Another downfall is the pests. There actually seems to be more of them here. There are more mosquitoes, although smaller. And ants - they're everywhere, on everything, all the time (but also smaller). The cockroaches, however, are quite a bit bigger. Apparently, we also have mice/rats, although I haven't seen any.

What makes this area so great though, is the branch. It's still quite new and small for the capitol (about 100 people regularly in attendance), but it's thriving and growing quickly. We don't actually have a church building. We meet in what, from the outside, looks like an old warehouse along the side of the street with solid metal barriers that roll down to the ground over the doors and window. When Hermana Erickson first told me that was the church, I thought she was joking until I saw the small sign on the wall that read: 'La Iglesia de Jesucristo.'

It doesn't really look like a church on the inside either, but it certainly feels like it. There is such a wonderful spirit present among the members of the branch. They're amazing: they're loving, generous, unified, organized, and highly-focused on missionary work. They have Noches de Amistad (Friendship Nights) at least once a week to invite people to learn more about the Gospel and they even have a branch motto: La Venta - cada miembro un misionero (every member a missionary).

The most amazing thing about them though, is that about 80 percent of them are all recent converts (baptized within the last year). Because of this, they have such a passion for the Gospel and a strong desire to share it with others. It makes being a missionary in their branch very rewarding - I feel supported, appreciated, and encouraged, with greater motivation to dedicate myself completely to the work. I loved my time in Azua, but coming here was a refreshing change... and I definitely think I could get used to it.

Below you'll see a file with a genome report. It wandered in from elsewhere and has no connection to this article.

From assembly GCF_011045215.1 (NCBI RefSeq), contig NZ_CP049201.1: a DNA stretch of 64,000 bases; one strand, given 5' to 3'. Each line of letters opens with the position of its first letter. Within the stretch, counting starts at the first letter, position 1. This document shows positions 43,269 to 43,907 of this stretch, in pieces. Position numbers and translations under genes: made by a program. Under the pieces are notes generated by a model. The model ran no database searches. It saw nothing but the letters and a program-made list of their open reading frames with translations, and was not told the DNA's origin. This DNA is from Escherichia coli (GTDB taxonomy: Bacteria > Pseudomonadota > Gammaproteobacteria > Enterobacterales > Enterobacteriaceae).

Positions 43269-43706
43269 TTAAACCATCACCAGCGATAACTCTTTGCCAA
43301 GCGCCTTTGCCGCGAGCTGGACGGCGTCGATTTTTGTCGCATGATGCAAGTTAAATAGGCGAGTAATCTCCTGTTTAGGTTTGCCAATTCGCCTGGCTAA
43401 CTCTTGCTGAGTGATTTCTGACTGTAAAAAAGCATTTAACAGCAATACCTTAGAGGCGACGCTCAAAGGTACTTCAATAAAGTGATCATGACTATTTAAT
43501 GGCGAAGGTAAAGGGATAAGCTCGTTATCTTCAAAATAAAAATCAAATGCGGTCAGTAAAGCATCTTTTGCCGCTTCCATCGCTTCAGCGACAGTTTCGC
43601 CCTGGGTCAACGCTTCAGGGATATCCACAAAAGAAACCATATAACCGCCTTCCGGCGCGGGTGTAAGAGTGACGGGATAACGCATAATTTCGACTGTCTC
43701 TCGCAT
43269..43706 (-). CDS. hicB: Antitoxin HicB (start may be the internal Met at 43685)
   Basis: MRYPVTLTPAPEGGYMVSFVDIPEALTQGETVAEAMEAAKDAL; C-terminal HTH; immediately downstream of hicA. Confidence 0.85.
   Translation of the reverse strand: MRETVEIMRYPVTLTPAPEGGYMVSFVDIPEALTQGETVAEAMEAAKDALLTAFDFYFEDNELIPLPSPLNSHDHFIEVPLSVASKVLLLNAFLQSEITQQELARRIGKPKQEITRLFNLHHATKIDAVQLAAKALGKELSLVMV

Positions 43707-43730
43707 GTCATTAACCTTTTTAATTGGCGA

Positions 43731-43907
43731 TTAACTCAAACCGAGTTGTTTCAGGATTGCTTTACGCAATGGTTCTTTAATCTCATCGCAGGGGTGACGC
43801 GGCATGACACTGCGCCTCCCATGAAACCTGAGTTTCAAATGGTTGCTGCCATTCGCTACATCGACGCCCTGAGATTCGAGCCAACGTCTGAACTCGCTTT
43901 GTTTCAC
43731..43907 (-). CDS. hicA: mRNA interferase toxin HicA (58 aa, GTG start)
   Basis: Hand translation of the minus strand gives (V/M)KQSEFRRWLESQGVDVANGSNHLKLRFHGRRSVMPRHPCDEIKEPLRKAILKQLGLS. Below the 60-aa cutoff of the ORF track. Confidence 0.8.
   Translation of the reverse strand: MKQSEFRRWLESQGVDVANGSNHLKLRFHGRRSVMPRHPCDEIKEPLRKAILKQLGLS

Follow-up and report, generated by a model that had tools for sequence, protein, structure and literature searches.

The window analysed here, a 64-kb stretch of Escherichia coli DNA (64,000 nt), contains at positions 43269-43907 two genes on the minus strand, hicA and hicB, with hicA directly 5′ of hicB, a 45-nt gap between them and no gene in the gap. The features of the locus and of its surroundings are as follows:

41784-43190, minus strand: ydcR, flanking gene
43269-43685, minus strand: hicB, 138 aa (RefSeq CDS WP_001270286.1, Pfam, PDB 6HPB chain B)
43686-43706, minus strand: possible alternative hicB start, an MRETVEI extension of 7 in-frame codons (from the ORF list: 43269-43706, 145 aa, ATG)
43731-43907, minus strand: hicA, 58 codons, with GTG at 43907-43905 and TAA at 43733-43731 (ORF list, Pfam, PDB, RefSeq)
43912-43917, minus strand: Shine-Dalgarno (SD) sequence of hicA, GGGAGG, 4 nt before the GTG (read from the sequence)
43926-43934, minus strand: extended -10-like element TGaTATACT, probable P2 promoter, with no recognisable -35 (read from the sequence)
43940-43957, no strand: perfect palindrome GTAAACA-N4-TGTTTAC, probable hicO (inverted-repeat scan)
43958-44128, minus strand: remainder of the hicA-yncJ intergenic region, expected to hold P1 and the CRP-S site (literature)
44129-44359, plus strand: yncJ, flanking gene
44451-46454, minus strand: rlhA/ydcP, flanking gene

Hasta la próxima semana,

Hermana Kaitlin Olsen
Kaitlin's new apartment

The bus ride from Azua to Santo Domingo

Along the way to Santo Domingo

Kaitlin's new companion Hermana Erickson

Friday, January 17, 2014

Me voy de Azua!

Platanos for dinner
Dear family,

This week has flown by so quickly and last night we received transfer calls. Guess what? Me voy! I'm officially leaving Azua! And so is Hermana Nodal. We don't know where we're going or who our companions will be - we'll find that out tonight (and you all will find out next week).

I have loved my time here in Azua, but I feel ready to leave. I've had 4 transfers here, 2 areas, 2 companions, and numberless investigators. I've learned and grown a lot from my experiences and made some memories that I will never forget. I'm sure Azua will always be close my heart as my first area in the mission field, but I'm eager to see a new area and experience the mission a little differently.

Of course leaving an area is always bittersweet. There are several baptisms I would have loved to see, namely Daniel, Yudi, and maybe even Pamela. I'll miss our amazing recent converts: Tomas, Carlos, Adabertino, and of course, Domingo. Finally, it will be hard to part ways with Hermana Nodal. We've been together every single day since we first met in the Miami airport on our way to the DR. However, I know that all the people I care about are in good hands and that I am headed off to the area where the Lord needs me the most.

We leave early tomorrow morning to catch a bus to our unknown destinations, so today I'm going to be busy preparing to leave and anxiously anticipating the opening of this next chapter in my mission journey.

Until next week,

Hermana Kaitlin Olsen